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Lens Spanners -- Using the right tool for the job
Posted By: c.a.m, 03-23-2020, 04:19 PM

Lens Spanners – Using the right tool for the job


Introduction

Like other repair jobs, fixing cameras and lenses requires proper tools. The lens spanner wrench, or spanner for short, is an essential specialized tool that is used to remove lens retaining rings and collars, small caps and covers, and screws with special heads.

Disassembling and refitting the components should be done carefully to avoid damage. Although make-shift spanners are feasible and may seem to be cost-effective for an occasional job, using a proper tool increases the likelihood of success and reduces the risk of inadvertent damage. In hindsight, I am glad that I invested in several spanners, which have served well in my successful repair efforts.

A search on the internet will reveal plenty of questions and discussions concerning lens spanners. This article is intended to provide some insight as well as an overview of my experience with several types.


General Features and Characteristics

The spanners in my toolkit are shown in the figure below.





Lens spanners are available commercially in various designs, prices, and qualities. An ideal spanner would have the following characteristics:
  • Positive fit. The tip must fit securely in the component’s holes or slots, with little or no wiggle. This requires the tips to be properly sized for the job, while the shafts near the tips should be parallel to each other.
  • Free of play when tightened. The tool’s arms and the tips should not wiggle or move after the tool is tightened for use.
  • Ease of use. The tool should offer easy, smooth, and precise adjustment; an assured hand grip; no shift in tip positions while tightening; and no flex when torqued.
  • Range of span. The span should adjust from several millimetres to around 100 mm. This may not be possible in a single tool, so the user may need to acquire more than one.
  • Selection of tips. To facilitate various jobs, the spanner should accommodate several different tips, including points, flats, and half-flat. Similarly, some jobs may require a spanner with a long reach, so it’s desirable to have various tip lengths.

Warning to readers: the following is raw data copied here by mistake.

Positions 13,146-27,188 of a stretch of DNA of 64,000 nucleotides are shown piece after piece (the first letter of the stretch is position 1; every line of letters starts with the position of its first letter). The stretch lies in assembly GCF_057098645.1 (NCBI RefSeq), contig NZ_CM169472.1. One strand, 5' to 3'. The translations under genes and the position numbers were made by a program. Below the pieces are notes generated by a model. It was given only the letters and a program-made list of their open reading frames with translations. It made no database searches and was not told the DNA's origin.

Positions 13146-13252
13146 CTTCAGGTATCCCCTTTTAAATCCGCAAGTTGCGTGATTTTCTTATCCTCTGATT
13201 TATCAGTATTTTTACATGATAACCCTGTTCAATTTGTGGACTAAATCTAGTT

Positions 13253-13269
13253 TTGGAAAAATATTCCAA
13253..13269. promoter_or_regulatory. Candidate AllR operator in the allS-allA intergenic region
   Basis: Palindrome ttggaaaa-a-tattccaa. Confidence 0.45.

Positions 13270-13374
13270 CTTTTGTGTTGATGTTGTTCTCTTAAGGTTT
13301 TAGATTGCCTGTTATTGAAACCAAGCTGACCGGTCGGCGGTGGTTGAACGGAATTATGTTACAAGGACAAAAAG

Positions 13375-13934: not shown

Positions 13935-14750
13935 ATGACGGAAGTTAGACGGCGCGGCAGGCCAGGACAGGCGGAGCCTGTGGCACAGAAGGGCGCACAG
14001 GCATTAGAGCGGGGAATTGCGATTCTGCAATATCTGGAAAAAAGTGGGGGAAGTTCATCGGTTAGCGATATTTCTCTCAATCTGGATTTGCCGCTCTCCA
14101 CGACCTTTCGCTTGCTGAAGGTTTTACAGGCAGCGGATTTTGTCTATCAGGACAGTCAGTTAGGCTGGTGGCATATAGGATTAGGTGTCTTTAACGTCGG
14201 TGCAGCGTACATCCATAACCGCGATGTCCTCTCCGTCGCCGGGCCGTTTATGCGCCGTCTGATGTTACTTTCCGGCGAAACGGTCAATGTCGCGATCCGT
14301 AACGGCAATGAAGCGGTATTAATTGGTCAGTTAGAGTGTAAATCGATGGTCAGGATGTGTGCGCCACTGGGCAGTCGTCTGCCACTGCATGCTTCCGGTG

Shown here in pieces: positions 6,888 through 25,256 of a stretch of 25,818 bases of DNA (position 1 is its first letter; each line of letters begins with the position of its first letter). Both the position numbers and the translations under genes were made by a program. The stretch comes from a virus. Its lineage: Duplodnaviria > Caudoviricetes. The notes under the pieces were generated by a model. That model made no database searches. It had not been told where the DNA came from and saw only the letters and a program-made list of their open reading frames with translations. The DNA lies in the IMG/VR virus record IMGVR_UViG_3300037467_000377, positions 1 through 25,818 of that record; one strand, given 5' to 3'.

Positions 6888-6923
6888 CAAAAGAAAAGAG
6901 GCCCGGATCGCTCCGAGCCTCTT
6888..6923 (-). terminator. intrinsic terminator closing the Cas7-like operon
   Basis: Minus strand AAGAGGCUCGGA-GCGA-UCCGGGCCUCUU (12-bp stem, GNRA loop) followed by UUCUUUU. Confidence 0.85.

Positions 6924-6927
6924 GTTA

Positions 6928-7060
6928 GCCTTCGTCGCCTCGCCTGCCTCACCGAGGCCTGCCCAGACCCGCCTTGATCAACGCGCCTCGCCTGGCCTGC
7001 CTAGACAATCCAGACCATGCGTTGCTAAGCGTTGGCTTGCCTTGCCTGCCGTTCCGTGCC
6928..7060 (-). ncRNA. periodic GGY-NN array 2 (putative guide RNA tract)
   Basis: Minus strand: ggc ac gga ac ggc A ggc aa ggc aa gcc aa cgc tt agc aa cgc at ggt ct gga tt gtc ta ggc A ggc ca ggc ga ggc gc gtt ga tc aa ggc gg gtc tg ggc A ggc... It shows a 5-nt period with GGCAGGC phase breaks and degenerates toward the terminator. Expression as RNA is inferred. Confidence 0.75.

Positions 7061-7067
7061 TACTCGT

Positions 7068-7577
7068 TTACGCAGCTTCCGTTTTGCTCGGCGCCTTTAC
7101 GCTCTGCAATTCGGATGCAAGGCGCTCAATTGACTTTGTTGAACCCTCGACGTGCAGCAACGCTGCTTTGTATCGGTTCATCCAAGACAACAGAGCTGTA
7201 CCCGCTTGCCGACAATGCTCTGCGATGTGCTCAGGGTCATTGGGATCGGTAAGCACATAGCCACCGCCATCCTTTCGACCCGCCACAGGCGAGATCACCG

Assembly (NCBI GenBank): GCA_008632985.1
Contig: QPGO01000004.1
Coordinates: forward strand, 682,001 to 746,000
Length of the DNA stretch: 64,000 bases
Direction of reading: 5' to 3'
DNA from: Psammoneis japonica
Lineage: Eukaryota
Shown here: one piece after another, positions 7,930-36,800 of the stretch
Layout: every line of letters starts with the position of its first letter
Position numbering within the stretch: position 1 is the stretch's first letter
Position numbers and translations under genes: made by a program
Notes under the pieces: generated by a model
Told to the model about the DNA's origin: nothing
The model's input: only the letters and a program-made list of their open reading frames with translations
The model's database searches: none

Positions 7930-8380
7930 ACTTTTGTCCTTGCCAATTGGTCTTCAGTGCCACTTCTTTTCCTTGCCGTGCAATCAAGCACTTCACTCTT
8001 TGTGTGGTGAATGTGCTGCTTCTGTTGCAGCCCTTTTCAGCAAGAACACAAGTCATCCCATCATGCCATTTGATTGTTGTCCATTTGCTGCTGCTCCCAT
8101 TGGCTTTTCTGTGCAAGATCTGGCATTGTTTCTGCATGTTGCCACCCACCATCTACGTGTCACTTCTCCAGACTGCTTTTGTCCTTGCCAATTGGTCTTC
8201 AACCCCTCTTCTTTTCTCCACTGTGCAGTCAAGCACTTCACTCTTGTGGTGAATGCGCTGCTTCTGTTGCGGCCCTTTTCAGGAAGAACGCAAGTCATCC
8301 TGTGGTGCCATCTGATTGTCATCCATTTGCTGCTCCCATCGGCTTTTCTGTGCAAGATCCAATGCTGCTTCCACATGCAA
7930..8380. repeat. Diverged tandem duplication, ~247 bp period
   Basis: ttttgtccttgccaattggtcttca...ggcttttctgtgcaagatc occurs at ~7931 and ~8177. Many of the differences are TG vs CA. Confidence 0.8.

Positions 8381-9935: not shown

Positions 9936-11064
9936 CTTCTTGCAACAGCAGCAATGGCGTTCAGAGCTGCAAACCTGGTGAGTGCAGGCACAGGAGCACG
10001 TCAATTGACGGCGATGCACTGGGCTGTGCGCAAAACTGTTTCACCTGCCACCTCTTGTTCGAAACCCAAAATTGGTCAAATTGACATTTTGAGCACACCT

• Custom tips. Certain jobs may require special tips, which the handy repair person may fabricate at home. The spanner should accommodate such tips securely and precisely. See Post 14 below for examples.

V-style

My V-style spanner is a model from Japan Hobby Tool, which I bought for approximately CAD $40.00 from Amazon. It’s also available from Micro-Tools.

The two legs, each 140 mm long, are formed from plated channeled steel and attached securely at one end by a flanged pin. The key feature of this tool is the threaded locking rod and its four nuts – this configuration provides for the desired span to be set precisely and locked securely in place. This spanner is easy to adjust and it’s rigid when tightened. It also allows a fair torque to be applied safely to a tight workpiece. The two standard tips include a point (0.5 mm) and a flat (5 mm). It meets most of the key characteristics noted above.

Its span range of 12 – 60 mm works for most jobs. A 3-mm span may be attained by using the offset tips from one of my other spanners. The included tips are relatively short, which precludes their reach into deep spaces. Luckily, the shaft holes are 5 mm diameter, which accommodates tips from another spanner for extended reach.

Because of its ease of use, secure setting, and rigid build, this is my preferred spanner.


Twin-rod Style

One of the commonly available spanners is the twin-rod, twin-arm type. This type is available from various suppliers, and its cost runs in the CAD $ 25.00 range.

The arms are 100 mm long and 10 mm in diameter. It is secured by tightening two thumb screws on each arm and a separate screw for each tip. The span range is 2 – 80 mm. My tool came with several useful tips: an offset point, a 5-mm flat, and a 2.5-mm half-flat.